Greatest Cartoons, Part Deux

Since ten monkeys on drugs could have picked a better list by throwing their feces on the wall and trying to figure out what character it looked like (oh, wait, that’s how TV Guide did it, sorry), we figured we could not do worse than to come up with our own list of the Greatest Cartoon Characters.

The main problem with their list was that they did not define “greatest” or “cartoon”. That’s how their list wound up with crap like “Josie and the Pussycats” and questionable entries like “Gumby” and “Superman.” (I don’t even want to know where “Bill” and “Gerald McBoing-Boing” came from…)

So, without further ado, we present our criteria and list of nominees (none of which look like monkey feces…except Scooby Doo…)

First some definitions. The most obvious being: “What counts as a ‘cartoon’ for this list?”

Keith Poulson has an excellent, extended definition of a cartoon. Here, the a cartoon is defined as “a form of media where, using animation, characters are shown with simplified features, but still maintaining an ability to be recognized.”

There are several key terms there that narrow the field. For example, “Final Fantasy” is animated, true, but it’s far from simplistic. Not a cartoon.

Further, in order to limit ourselves to a specific ‘class’ of cartoons, we are going to set the bar higher and say that this list is to find the greatest original cartoon character. So, if they were not created as a cartoon first, they are off the list (sorry, Charlie Brown), and if they cannot stand alone, they are off the list (sorry, Beavis and Butthead). [We will be coming up with side lists of the greatest cartoon shows, ensembles, comics, etc.]

Now, let’s define “greatest.” Sgt. Grump came up with five categories to classify a cartoon as “great.”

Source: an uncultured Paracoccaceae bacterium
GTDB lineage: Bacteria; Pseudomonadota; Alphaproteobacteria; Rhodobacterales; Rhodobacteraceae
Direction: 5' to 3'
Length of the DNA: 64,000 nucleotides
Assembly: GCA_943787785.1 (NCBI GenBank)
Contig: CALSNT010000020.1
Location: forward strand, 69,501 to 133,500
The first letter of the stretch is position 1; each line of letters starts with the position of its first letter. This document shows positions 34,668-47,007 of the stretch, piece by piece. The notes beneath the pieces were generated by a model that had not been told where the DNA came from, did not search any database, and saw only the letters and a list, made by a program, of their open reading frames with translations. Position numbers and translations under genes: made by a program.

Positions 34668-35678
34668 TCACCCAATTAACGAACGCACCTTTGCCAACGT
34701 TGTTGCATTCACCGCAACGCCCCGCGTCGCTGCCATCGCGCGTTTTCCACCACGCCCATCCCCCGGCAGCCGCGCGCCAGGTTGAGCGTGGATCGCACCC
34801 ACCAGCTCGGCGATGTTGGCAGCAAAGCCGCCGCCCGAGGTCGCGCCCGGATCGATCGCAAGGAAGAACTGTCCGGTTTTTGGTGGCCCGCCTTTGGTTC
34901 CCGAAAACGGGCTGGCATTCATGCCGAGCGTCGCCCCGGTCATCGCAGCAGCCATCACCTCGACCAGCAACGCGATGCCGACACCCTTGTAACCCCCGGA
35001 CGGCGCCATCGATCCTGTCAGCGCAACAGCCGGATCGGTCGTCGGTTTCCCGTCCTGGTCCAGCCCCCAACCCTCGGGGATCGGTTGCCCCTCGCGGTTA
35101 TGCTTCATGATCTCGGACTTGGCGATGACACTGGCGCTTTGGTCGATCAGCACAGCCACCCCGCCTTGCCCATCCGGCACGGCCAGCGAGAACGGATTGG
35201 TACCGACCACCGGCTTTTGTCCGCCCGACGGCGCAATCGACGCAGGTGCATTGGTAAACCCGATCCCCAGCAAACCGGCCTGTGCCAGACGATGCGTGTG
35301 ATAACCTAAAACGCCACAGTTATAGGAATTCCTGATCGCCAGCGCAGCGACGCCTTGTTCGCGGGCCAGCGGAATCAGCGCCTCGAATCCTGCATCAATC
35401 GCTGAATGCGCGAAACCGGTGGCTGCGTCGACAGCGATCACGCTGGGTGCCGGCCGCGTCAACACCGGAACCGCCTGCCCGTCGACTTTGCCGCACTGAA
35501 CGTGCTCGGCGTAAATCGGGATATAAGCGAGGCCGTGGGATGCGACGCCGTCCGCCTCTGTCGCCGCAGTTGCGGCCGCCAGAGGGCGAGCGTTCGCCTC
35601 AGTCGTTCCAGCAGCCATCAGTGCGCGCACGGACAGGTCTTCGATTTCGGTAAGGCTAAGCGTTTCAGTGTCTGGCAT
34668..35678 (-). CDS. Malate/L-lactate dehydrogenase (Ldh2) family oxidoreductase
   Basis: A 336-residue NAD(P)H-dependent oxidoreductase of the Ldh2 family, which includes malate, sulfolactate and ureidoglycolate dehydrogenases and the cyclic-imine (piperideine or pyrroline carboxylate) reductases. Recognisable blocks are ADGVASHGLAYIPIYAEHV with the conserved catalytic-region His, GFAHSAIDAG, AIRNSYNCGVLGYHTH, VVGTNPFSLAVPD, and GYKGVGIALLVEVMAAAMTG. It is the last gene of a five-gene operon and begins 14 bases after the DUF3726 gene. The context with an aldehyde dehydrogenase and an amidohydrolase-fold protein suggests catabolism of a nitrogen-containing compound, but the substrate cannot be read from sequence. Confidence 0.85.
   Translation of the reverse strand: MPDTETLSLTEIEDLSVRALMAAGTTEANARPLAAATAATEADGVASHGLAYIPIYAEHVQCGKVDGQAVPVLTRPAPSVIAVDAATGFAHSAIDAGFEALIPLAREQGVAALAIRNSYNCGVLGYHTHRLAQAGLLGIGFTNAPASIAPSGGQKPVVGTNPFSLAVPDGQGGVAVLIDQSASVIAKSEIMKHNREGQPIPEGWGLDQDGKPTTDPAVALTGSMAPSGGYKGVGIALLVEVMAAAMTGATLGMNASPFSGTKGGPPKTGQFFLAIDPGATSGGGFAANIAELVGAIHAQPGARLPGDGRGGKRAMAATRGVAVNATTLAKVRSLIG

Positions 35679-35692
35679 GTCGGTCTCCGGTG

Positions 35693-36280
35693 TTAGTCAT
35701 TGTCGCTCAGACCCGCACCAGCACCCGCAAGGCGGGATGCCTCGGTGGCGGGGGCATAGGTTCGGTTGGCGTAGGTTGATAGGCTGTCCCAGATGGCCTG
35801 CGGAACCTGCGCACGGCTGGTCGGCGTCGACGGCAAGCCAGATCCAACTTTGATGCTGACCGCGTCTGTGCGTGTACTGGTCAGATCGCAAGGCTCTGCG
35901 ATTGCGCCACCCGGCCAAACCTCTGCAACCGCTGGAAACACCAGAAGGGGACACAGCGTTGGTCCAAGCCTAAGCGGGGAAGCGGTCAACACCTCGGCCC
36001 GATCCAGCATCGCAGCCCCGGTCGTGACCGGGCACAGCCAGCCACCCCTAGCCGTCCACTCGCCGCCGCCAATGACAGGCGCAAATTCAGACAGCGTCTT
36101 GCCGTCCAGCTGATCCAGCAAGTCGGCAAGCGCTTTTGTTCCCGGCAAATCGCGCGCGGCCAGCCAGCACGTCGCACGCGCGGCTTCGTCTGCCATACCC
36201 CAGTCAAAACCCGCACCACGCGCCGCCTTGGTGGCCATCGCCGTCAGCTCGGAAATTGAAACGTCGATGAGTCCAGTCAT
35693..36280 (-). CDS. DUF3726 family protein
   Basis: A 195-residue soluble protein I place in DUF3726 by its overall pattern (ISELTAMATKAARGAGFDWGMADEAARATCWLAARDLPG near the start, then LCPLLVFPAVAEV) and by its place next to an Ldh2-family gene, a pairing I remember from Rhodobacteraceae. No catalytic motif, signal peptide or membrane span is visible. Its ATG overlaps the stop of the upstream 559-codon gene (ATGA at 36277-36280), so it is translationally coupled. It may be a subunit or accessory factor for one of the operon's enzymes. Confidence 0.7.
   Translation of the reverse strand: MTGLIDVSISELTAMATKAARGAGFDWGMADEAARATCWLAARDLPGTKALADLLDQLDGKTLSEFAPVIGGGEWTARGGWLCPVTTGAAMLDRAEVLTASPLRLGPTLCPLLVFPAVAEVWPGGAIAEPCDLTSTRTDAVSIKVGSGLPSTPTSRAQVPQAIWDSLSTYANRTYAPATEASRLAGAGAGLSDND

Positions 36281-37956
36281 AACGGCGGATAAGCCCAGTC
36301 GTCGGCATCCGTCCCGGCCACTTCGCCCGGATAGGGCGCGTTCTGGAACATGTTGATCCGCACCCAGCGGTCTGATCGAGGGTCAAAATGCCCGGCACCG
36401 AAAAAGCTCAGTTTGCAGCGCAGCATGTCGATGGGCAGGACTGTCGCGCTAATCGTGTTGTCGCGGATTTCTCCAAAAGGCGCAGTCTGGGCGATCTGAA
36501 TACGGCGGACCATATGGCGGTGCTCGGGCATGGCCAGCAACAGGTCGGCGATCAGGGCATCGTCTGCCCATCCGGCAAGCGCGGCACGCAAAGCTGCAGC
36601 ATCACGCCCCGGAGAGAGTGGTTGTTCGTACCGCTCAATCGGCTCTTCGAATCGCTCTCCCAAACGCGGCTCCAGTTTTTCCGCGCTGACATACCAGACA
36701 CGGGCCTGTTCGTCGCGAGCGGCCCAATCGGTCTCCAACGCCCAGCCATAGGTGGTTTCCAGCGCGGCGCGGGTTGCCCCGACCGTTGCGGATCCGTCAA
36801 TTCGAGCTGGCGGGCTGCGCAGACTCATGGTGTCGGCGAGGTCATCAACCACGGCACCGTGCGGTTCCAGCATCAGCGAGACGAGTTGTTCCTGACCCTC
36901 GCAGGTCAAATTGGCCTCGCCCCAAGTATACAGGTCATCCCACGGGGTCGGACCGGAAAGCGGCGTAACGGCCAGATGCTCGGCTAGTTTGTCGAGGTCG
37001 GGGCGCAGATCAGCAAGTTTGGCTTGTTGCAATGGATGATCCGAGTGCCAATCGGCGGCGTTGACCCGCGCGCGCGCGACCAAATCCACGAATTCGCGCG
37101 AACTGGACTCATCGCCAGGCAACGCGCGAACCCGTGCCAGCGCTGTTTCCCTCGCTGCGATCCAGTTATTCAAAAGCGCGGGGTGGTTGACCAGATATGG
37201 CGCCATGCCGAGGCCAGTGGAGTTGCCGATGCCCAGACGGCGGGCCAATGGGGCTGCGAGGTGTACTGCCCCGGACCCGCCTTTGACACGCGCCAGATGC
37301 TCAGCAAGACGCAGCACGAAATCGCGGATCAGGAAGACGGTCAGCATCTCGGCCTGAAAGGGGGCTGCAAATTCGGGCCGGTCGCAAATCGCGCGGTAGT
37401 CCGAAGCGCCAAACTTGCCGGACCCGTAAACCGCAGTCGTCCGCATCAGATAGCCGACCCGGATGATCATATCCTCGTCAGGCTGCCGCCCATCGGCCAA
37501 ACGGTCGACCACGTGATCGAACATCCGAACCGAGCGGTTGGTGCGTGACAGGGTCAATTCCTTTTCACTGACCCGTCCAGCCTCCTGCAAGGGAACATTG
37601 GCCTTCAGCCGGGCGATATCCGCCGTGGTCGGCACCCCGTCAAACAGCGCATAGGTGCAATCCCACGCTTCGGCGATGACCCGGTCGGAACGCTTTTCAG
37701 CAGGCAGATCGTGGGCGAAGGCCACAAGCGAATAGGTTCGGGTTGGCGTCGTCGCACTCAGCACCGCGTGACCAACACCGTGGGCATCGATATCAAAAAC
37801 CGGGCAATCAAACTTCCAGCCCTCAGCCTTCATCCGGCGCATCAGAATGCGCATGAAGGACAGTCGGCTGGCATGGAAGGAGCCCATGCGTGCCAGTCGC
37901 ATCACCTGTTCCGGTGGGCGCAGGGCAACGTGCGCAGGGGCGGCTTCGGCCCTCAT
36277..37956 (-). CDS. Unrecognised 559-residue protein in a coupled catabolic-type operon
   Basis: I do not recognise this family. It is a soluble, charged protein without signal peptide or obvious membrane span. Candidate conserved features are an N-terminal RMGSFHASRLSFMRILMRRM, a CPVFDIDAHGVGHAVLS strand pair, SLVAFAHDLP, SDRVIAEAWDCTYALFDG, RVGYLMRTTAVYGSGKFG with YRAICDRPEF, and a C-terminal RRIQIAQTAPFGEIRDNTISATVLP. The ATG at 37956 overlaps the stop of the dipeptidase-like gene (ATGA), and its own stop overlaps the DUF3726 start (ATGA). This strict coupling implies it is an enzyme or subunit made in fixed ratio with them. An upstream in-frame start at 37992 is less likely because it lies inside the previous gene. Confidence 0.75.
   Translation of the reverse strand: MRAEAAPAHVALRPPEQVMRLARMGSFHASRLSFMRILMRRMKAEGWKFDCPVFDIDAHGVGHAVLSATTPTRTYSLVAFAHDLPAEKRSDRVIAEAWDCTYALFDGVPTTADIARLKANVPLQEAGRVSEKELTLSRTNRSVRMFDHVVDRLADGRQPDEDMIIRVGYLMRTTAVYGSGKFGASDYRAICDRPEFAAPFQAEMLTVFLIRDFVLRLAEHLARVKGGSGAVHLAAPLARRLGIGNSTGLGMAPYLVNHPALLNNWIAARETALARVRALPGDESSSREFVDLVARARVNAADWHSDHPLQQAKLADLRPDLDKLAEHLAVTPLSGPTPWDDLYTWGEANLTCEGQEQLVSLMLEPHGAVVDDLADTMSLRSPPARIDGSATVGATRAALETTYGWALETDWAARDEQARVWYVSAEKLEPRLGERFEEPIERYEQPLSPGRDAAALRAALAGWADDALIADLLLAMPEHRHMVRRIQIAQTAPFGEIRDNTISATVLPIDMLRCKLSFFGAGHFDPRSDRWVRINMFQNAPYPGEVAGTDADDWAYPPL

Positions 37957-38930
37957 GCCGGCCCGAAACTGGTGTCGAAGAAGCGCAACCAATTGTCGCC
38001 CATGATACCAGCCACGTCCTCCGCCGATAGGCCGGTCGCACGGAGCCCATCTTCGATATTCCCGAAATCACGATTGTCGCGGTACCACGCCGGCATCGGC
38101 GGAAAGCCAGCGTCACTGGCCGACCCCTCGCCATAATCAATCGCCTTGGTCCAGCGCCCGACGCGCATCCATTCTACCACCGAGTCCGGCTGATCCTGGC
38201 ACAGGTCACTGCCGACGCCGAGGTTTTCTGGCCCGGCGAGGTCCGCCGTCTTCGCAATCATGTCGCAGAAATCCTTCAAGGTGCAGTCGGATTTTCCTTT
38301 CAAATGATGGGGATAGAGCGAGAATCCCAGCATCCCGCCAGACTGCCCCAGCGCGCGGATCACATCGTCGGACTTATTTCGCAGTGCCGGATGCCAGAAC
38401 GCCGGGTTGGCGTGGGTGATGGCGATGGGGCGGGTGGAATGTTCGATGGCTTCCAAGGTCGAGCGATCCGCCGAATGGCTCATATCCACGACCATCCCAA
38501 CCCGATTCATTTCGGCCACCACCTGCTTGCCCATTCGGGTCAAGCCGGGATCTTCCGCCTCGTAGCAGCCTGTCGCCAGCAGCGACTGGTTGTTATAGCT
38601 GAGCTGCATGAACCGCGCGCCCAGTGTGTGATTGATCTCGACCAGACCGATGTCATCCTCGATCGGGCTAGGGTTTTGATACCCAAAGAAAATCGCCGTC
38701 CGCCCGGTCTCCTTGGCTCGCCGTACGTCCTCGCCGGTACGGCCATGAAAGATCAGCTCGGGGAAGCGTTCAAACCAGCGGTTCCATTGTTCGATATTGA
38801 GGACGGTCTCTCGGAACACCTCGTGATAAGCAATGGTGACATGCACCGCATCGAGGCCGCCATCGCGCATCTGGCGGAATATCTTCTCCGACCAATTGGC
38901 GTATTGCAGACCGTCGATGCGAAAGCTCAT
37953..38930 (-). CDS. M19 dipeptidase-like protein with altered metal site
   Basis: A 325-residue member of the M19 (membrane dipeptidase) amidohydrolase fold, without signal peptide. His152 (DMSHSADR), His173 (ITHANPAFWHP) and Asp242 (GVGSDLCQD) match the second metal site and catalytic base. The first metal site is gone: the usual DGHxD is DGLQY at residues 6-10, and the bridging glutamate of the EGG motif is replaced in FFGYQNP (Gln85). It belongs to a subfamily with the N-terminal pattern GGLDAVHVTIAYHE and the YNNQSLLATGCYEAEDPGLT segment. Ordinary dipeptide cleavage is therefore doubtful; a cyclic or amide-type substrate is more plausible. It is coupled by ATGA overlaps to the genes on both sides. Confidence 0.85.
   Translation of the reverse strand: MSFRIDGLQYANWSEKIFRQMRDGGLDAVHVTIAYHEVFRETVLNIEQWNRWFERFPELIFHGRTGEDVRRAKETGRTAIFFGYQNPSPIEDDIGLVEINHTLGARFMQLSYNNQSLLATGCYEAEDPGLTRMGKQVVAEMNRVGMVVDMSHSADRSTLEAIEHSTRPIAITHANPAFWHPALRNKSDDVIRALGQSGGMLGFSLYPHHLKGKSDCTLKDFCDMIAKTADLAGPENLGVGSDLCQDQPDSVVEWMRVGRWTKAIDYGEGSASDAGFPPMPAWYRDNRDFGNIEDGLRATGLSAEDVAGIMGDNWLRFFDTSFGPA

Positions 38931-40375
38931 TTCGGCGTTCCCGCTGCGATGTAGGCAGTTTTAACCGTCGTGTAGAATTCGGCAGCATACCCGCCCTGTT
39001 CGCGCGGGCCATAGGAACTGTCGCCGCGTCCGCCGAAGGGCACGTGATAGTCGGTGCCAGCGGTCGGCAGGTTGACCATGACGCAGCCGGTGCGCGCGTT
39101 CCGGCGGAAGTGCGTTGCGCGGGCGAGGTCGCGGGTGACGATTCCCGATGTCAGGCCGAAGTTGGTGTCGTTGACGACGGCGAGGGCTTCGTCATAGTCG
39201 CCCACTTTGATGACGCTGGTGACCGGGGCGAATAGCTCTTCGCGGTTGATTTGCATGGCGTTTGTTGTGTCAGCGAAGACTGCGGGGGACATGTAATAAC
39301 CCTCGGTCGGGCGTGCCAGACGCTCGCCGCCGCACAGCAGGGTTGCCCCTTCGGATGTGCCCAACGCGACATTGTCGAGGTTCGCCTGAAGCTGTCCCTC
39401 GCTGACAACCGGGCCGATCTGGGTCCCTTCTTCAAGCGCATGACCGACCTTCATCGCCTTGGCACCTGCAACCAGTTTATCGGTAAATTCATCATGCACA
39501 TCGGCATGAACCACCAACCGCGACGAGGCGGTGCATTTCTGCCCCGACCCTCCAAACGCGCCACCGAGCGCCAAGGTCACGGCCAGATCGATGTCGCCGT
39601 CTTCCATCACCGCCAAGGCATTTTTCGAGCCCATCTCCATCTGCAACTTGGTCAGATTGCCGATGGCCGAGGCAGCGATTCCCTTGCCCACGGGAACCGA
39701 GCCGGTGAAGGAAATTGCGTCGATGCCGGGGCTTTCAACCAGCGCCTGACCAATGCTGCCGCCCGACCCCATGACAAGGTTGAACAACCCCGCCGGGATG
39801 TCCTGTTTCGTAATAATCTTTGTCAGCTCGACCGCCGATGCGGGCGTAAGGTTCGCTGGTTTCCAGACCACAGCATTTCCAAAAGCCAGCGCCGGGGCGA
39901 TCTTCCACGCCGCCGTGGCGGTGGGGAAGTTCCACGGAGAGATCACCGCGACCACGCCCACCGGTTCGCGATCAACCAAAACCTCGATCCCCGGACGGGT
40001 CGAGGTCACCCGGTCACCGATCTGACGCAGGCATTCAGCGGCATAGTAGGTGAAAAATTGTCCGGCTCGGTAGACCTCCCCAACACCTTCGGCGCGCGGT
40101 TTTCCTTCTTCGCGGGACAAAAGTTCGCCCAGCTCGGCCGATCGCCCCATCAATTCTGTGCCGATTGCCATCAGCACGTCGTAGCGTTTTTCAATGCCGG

1. Is it revolutionary? Was it the first of its kind? Did it make some technological or social breakthrough? For example, Mickey Mouse (the first successful sound cartoon).

2. Did it maintain consistent, high quality over its lifespan? For example, The Simpsons (or, for our purposes, one or more Simpsons characters).

3. Did it have a large cultural impact? Are there certain widely known “catch phrases” that came from the character? Do you see the character’s image used in other media? For example, Fred Flintstone’s “yabba-dabba-doo,” references to “Jetson-like” devices, or Mickey Mouse in general.

4. Is it long-lived? How long has it been around? For example, Mickey is from 1928; Bugs Bunny is from 1940.

5. How popular is or was it? Once again, Mickey Mouse is known world-wide.

So, with our definitions in mind here is Solonor’s Greatest Cartoons page.

Thanks goes to the great Chronology of Animation by Richard Llewellyn.

While you’re at it, check out Eric Szulczewski’s column at I’m not a big fan, like Ric the Schmuck, but Mr. S got it right.

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